The Captain Fletcher E. Adams 357th Fighter Group Museum
Sunday, July 25, 2010
On Saturday, July 24, the population of tiny Ida, Louisiana, may have quadrupled. The event that set Saturday's population surge in motion happened 66 years ago on May 30, 1944, near Celle, Germany. On that fateful day, Captain Fletcher E. Adams' P-51B, the "Southern Belle," sustained enough damage from a German ME-109 attack that Adams had to bail out. His chute deployed and he made a normal descent. Unfortunately, he fell into the hands of some hard-core Nazis, who murdered him.
Captain Adams, raised in Ida, was 22 at the time and had left a pregnant wife at home. He was the leading Ace of his unit, the 357th Fighter Group flying out of Leiston Airfield in England. Captain Adams notched nine kills. His active career as a fighter pilot lasted just over three and a half months. He had taken his initial check rides in a P-51 on December 28, 1944.
As part of the museum dedication, the honor guard from Barksdale Air Force Base presented the colors. Here the honor guard folds the flag for presentation to Aline Adams, widow of Captain Fletcher E. Adams.
Fast forward to the 21st century. Ida Mayor Smokie Maddox's son, Joey Maddox, had an idea. Why not turn the Ida Museum, a former post office and wood-working shop, into "the" museum of the 357th Fighter Group, Adams’ legendary unit. The 357th was remarkable in its accomplishments:
[For the uninitiated, an Ace is a pilot who has shot down at least five enemy aircraft in combat.]
A sergeant of the honor guard presents the folded flag to Mrs. Aline Adams, widow of Captain Fletcher E. Adams. Jerry, the Adams' son (wearing the red shirt), stands behind his mother.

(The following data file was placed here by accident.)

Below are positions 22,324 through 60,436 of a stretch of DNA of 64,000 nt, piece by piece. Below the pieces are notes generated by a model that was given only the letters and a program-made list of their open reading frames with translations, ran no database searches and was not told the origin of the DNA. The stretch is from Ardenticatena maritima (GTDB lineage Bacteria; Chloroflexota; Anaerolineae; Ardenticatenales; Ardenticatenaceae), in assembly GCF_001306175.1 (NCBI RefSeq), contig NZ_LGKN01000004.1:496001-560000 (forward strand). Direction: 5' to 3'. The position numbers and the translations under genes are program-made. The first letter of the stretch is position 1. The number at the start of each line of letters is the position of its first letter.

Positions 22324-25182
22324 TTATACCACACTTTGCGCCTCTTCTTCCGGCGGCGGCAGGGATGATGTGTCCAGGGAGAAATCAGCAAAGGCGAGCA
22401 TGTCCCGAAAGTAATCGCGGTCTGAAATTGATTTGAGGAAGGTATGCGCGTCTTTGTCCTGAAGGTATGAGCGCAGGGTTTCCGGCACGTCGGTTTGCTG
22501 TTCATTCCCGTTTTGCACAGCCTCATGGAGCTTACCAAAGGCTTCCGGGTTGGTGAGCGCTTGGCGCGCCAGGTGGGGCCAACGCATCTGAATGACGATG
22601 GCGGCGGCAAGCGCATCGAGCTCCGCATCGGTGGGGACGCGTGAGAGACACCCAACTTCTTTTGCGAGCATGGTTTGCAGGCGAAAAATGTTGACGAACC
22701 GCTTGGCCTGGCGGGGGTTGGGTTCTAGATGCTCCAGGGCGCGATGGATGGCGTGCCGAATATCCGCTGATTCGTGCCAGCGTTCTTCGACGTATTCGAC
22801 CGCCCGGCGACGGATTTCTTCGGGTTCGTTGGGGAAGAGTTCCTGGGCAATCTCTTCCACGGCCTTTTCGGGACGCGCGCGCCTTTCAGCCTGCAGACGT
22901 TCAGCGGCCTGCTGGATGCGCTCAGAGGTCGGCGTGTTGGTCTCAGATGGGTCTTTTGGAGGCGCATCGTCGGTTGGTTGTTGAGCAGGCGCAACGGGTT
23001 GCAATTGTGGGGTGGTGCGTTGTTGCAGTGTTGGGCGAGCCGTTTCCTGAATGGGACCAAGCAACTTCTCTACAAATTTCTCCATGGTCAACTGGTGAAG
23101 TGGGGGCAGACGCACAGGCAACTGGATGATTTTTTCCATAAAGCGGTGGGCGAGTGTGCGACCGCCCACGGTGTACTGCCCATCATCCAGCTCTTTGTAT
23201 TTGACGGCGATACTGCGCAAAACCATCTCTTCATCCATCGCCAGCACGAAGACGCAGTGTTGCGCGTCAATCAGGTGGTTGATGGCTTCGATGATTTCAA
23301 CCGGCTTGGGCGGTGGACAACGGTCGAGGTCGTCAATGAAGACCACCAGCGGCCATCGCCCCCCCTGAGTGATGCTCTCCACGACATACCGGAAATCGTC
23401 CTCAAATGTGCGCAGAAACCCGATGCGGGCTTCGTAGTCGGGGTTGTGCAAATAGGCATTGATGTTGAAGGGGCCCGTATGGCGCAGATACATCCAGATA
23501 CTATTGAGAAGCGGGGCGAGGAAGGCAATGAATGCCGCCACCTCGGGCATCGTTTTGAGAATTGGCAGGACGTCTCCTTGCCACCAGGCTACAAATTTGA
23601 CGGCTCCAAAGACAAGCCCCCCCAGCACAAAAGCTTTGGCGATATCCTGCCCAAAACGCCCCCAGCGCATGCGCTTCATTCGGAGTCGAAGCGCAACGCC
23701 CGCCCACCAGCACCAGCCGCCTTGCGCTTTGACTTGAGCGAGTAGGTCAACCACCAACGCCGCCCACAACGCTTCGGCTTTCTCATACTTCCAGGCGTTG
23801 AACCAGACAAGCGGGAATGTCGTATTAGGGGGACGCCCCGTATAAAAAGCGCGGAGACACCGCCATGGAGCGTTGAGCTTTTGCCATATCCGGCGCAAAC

The museum was dedicated and opened on July 24. Four surviving pilots and one crew chief from the 357th attended the event. Pilots are General Frank Gailer, Jesse Frey, Joe Shea, and General Chuck Yeager. The crew chief is Pasquale Buzzeo of Minneapolis. In addition to Mrs. Aline Adams, two other pilot's widows attended: Millie Roberson, widow of Lt. Arval "Robie" Roberson, and Claudeane Sublett, widow of John Sublett.
A little over a year ago, Joey Maddox's idea for the museum got some serious aiding and abetting from graduate students Jenny Hay and Gentry Hanks of Louisiana State University, who were passing through Ida on their way to Little Rock for an academic conference. They noticed a sign on Carroway's General Store touting milkshakes. They stopped for a shake, but the store was not open. On their return trip, they dropped in again, but this time the milkshake machine was malfunctioning.
As a result of this milkshake mishap, the students met Joey's father Smokie and they talked. Turns out, Maddox’s dream ran a parallel course with the academic pursuits of Hay and Hanks. Time for "let’s make a deal." And so they did. Leading the charge, Hay and Hanks successfully applied for a grant from the Louisiana Endowment for the Humanities.
General Chuck Yeager, a double-ace plus veteran of the 357th and the first human being to pilot an aircraft which broke the speed of sound, speaks to dedication attendees. The West Virginia native is at home in a small town. "I came from a town of 400," he said. Commenting on his experiences, he observed that “there is no such thing as a clean war."
Local enthusiasts, 357th veterans and aficionados, and a host of friends came forward with artifacts and support for the museum. The work got underway and the museum happened. And the people came. Ain't life grand!
The museum opens and the first visitors sample a world class collection of 357th Fighter Group and P-51 memorabilia. Apparently someone dropped the ball and failed to tell Smokie Maddox and friends that you can't put a world class museum in a small town. Just as well. Smokie and his crew would have summarily poo-pooed that inaccurate and ill-placed suggestion anyway.
N O T E S:
BUT WAIT, THERE IS DEFINITELY MORE.
Most of the time, there is more to the Photo of the Week story than can be told in an essay. And most of the time there are more pictures to be seen. Presuming that some folk will enjoy being privy to this trove of information, I have created a blog, “Weekly Grist for the Eyes and Mind,” where I am showing and telling “the rest of the story." There are also some blatantly commercial mentions of some of the things we do to earn our beans and taters. Click on the Weekly Grist logo and go to the blog. — J. D.